Parenting

Your Ultimate Guide to Pretend Play + the BEST Pretend Play Toys

This post is a 101 on pretend play and includes ideas for pretend play toys for the upcoming holiday season!

Your Ultimate Pretend Play 101 Guide

Definition of Pretend Play

Pretend play within the concept of child development is not black and white and evolves as a child develops.

Pretend play is a form of symbolic play where children use objects, actions or ideas to represent other objects, actions, or ideas using their imaginations to assign roles to inanimate objects or people. Classically, toddlers will use a broom and pretend he is riding a horse.

The Importance of Pretend Play

Here are a few key points highlighting the importance of pretend play in a child’s development:

Stages of Pretend Play

Pretend play begins early in a child’s life but is limited by his imagination and experiences. So, early on, a child relies more on “symbolic play” and as he develops moves into “functional play”.

Piaget referred to these stages as the preoperational stage beginning around 2 years old (or when a child first begins to talk) and lasting until the age of 6 or 7. Early on, a child recognizes that objects or actions represent other objects or actions yet still recognize those objects or actions for what they truly are within context.

For example, a child may use a stick in a variety of ways such as pretending it is a fishing pole, a gun, or a magic wand. The child understands he is using a stick to play but uses symbolism to create and execute his imagination.  If a child jumps off a couch and claims to be flying, he is using an action to pretend to be a superhero, for example, but still recognizes that he is not a superhero flying in the air.

As the child develops and grows older, symbolic play blossoms into play that involves thoughts such as “why is that?” instead of “what is that?” So, a child who plays with a stick may eventually desire to use a real fishing pole to put it into the context of the world in which he is experiencing.  Another example is a 4-year-old may be playing with a cardboard box and announce that he is “playing moving”.

Montessori & Pretend Play

One of the big “concerns” or “criticisms” of Montessori is that Pretend Play is not encouraged in the classroom. Generally, I believe that pretend play is based in reality.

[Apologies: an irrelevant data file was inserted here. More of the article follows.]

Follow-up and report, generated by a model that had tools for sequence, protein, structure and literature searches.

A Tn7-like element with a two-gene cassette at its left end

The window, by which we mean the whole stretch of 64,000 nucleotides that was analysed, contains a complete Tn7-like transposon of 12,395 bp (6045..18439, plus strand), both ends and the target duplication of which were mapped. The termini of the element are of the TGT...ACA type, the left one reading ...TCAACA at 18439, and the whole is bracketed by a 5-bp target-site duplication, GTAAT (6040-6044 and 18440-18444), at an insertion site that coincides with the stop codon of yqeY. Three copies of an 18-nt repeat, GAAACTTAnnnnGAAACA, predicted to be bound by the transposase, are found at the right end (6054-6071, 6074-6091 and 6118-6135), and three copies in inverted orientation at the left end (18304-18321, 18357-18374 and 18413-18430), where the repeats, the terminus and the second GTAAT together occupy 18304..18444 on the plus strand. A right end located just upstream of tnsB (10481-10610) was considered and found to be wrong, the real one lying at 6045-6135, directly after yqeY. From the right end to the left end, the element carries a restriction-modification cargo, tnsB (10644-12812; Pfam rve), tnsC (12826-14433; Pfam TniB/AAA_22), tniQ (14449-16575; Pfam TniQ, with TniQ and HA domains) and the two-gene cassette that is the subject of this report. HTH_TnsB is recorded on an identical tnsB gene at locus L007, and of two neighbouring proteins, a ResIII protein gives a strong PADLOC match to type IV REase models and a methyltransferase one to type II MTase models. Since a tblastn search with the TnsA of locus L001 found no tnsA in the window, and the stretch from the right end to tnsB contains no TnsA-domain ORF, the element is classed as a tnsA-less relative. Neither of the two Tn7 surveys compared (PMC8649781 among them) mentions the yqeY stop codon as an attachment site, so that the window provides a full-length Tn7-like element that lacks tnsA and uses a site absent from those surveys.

So, if we expose children to real-life through meaningful, productive work and experiences and allow them to open their eyes to the great big world around them, they will, in turn, incorporate these experiences into their play and their imaginations will be richer from it. (Sorry that was a long sentence.)

Therefore, the hope is that the play will have a more deeply ingrained impact on their development. I suppose it is like anything in life (going to business school and learning about management as opposed to actually having the experience…for example).

Montessori Services offers a good breakdown of real versus imaginary play in a Montessori classroom.

Pretend Play Toys

Melissa & Doug Spray, Squirt & Squeegee Play Set

Melissa & Doug have a load of wonderful pretend (or symbolic) playsets for kids. This cleaning set is too functional and useful not to include in this list. Be sure to check out the myriad of other pretend play toys offered by Melissa & Doug.

Dyson Ball Vacuum

Melissa & Doug Laundry Basket Play Set

Pretend Eggs Play Food

Pretend Play Restaurant

Animal Clinic

Wooden Doctor’s Kit

Add this doctor’s office printable set and you’re golden!

Dentist Kit

This Etsy store has a ton of adorable pretend play materials including pretend play detective, police, and toolkit.

KidKraft Laundry Playset

Pretend Play Farm Stand

Country Market Printables

Ironing Board Set

Kitchen & Dinner Set

Cooking Set

Fresh Mart Grocery

How adorable is this play grocery store checkout?

Pretend Play Resources

Marnie Craycroft

Marnie hails from Maine where she spent summers buried in sand and winters buried in snow. She is the daughter of a nearly four decade veteran of the public school systems. Teaching has always been a part of her life. She founded Carrots Are Orange in 2010.

Carrots Are Orange is a Montessori learning and living website for parents and teachers.

Marnie graduated from Wesleyan University in 1999 with a BA in Economics. She spent nearly a decade working in investment management. In 2006, she earned her MA in business from the University of Washington’s Foster School of Business.

Marnie moved to the west coast in 1999 and currently lives in Boulder with her husband and three sons. She is Montessori trained. Her work has been featured on Apartment Therapy, Buzzfeed, PBS Kids, BabyCenter, the Melissa & Doug blog, Huffington Post, and WhattoExpect.com. Besides writing, passions include running (usually after her three sons), photography, and outdoor adventures.

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